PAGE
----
As part of my #CreativeCoaching with Carlos Whittaker, we’ve been tasked with a book called The Myths Of Innovation by Scott Berkun. I’d never read any of the author’s work before this work but immediately I connected with the writing style, stories, and conversational approach to each chapter.
After a little while the text seems to repeat some of the same basic truths about innovation over and over again. They are good things to remember when innovating.
- No one innovates alone. There are always outside influences. Others have done what you are trying to do in a different way.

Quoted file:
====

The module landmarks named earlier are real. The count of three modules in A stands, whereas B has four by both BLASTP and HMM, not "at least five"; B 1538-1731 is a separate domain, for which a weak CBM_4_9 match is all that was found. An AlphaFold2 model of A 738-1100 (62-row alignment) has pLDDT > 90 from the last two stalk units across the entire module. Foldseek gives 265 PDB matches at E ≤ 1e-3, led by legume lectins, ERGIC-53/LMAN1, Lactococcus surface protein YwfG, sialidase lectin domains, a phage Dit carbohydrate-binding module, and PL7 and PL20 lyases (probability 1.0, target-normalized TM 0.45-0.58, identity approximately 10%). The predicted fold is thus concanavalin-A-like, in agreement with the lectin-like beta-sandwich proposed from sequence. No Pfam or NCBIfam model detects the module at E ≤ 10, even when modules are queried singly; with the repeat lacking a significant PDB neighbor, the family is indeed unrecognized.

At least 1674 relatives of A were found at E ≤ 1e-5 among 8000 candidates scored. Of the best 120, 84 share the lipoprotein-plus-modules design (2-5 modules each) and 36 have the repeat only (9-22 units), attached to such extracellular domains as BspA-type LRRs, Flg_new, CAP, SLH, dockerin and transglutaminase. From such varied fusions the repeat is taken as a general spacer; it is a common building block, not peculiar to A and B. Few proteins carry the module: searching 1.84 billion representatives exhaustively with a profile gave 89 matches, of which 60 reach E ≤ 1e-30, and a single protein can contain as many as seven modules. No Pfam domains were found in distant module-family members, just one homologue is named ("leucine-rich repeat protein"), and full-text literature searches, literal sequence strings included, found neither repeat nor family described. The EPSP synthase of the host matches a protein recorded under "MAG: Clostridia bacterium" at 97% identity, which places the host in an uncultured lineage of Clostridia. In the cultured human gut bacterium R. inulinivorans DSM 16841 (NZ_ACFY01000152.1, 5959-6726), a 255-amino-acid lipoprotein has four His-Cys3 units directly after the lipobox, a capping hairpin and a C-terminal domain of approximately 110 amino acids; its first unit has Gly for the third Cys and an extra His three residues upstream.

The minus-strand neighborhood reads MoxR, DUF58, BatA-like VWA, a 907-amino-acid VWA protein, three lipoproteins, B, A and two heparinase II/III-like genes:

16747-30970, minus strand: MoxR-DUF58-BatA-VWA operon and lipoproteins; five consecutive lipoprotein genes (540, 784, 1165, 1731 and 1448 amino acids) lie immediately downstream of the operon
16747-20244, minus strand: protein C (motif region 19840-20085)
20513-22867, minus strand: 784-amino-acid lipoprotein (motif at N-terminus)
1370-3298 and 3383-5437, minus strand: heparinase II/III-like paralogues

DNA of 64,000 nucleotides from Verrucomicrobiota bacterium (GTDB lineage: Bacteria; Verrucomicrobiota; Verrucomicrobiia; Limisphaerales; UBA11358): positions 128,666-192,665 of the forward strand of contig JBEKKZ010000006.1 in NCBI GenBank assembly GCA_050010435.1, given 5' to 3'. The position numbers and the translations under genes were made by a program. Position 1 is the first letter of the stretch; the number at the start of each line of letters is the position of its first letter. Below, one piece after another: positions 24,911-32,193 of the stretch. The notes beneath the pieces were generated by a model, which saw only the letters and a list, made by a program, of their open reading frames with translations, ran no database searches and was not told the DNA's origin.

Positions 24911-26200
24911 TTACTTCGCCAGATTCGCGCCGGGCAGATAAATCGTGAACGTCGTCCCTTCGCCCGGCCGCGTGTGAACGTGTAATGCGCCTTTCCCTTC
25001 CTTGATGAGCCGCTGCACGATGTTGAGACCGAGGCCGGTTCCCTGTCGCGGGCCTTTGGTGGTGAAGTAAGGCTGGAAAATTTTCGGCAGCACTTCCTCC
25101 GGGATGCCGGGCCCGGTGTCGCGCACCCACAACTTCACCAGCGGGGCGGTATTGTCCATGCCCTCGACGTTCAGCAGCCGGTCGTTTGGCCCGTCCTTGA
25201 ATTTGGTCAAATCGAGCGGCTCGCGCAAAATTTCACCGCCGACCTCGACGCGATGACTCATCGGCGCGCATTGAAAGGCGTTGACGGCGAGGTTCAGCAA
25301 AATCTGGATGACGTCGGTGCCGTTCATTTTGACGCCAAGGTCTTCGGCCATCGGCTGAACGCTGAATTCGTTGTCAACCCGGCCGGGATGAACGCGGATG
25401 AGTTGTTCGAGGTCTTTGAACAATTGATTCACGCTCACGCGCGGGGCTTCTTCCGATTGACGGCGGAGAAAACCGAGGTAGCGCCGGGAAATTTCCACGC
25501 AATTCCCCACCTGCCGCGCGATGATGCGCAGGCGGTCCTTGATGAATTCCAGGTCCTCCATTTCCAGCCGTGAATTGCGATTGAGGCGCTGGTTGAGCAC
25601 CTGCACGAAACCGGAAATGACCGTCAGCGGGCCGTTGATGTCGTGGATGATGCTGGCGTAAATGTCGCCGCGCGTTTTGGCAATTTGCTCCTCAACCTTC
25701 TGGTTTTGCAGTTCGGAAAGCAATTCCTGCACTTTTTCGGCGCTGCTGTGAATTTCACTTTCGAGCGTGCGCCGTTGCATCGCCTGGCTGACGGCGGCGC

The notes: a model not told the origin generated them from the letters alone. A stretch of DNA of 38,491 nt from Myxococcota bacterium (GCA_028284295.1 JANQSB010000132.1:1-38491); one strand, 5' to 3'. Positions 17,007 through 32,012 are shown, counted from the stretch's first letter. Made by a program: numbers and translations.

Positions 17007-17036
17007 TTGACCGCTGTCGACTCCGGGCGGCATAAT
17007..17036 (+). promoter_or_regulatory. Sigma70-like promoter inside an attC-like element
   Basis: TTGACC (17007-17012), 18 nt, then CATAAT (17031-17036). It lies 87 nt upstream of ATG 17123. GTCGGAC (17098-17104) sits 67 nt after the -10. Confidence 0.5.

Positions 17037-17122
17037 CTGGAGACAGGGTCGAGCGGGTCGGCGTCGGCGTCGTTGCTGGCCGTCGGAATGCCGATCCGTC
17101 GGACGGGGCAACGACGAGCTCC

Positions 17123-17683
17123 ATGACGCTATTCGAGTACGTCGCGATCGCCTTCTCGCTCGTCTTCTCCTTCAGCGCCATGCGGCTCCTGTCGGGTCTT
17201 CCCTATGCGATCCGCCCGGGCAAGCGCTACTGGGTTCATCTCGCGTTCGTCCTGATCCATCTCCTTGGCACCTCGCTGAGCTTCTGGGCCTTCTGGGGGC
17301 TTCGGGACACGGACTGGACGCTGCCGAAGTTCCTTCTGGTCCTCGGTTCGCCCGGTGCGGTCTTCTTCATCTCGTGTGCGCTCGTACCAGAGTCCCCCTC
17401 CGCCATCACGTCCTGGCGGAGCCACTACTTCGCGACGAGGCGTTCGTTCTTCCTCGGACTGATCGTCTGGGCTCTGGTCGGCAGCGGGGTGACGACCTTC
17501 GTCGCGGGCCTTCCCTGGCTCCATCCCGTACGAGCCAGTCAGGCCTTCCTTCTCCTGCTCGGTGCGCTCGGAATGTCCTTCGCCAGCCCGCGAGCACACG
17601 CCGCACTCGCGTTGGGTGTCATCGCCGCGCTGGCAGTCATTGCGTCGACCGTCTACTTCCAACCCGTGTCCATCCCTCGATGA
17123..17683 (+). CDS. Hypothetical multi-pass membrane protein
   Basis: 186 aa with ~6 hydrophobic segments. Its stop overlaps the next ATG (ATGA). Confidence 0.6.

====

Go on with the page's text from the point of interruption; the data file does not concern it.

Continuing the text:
- Nothing is original, it’s normally a pull off of someone else’s innovation, that is a pull of someone else’s and so on.
- Innovation requires creativity. You must think outside of the box.
- While innovation requires creativity it also has to hit it’s target market. This happens when you determine the problem to solve or the “felt need”.
- The problem is normally right in front of you. If you have to dig deep to find the problem to solve, it may not appear like a problem to those you’re trying to solve it for.
- True innovation rarely comes in the form of “Ah ha!” moments but rather comes from a long process of study, trial, and error. This means if you’re not working on something daily (putting in the hard work) don’t expect something to fall in your lap.
Overall I really enjoyed this book. It looks at creativity and innovation from a very practical perspective. Berkun gives great examples from history and strong challenges for tomorrow.